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Tuesday, July 22, 2008

Talking about God


Last week in the cab I took two lads in their early 20s from the pub for quite a long journey home so we had plenty of things to talk about during the ride. As I common they asked me what I had done before driving taxis and so I was able to talk about pastoral ministry. Very quickly the conversation turned to their problems with religion. They had been to church as kids, had friends who were Christians but they couldn't see any point in church and they had grown disillusioned with the Israel-Palestine conflict and the "War on Terror".

Earlier that night I had picked up another young man in his early 20s who told me that he had attended a Christian school but had moved away from his faith with, once again, a general disillusionment and apathy with regards to religion. When I picked him up he was quite drunk but still very able to have a conversation.

In both of these instances I was struck by the need to do more than simply agree with their grievances. I was happy to discuss the Middle East conflict in passing but apart from anything it is an extremely complex topic that can unnecessarily bog down a conversation. I have realized, in the taxi conversations that it is easy to wander around topics and leave the passenger feeling listened to and affirmed but with little in the way of resolution or, at the least, a challenge to think differently.

I find it easy to be agreeable and nice but have been continuing to think through what it is that Christians are to communicate. Are we called to be nice, loving people in the hope that others will be somehow infected with this "niceness" and want to find out more about God? Are we called to persuade people with the propositional facts of the gospel in the hope that they will be persuaded and want to make a Christian commitment? Or is there a middle way?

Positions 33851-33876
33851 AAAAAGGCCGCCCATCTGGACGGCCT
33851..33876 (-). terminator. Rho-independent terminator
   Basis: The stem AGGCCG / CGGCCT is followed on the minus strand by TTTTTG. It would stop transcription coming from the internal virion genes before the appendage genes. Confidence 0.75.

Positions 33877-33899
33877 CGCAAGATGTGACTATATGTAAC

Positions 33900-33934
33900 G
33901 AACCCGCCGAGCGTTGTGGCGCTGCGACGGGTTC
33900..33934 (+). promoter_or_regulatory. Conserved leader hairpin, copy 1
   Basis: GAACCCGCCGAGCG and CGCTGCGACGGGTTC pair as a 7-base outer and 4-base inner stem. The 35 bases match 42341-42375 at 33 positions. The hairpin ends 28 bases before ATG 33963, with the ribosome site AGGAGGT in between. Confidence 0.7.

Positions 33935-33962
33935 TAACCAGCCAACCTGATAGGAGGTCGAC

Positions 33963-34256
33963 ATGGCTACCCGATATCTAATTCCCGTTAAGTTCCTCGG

As I continue to read, write and think on this complex topic I have found a way that seems to be more satisfying to me and that is to have a high regard for the power of God. I listen, affirm and am not at all patronizing but at some point I seek to separate religion from the issue of who God is and what God is like. As I start to talk about God as a living, active being who can and will engage with us now I find that people are interested to know more. The other person may not entirely agree but they are intrigued to hear the view that God answers prayer, that God can heal people and that God can speak to us.

What I have found that people are seeking is someone to tell them that God is real because this concept contains the germ of hope, relationship and purpose. I am going to put together a longer paper on this topic but I'd be certainly interested in feedback.

1 comment:

nealtaylor said...

I also think that we need to demonstrate the alternative - be as Christ commands us and serve in the community. I love what the Celtic Christians did - they moved to a community and served them, all the while inviting them in deed and word to come join them in the Christian faith - and living it out in their lives.
When folk see "prosperity doctrine" and the like in the media and in those who profess to be Christians, it is hard for the simple message of Jesus to filter through it and into their hearts. My two cents worth mate!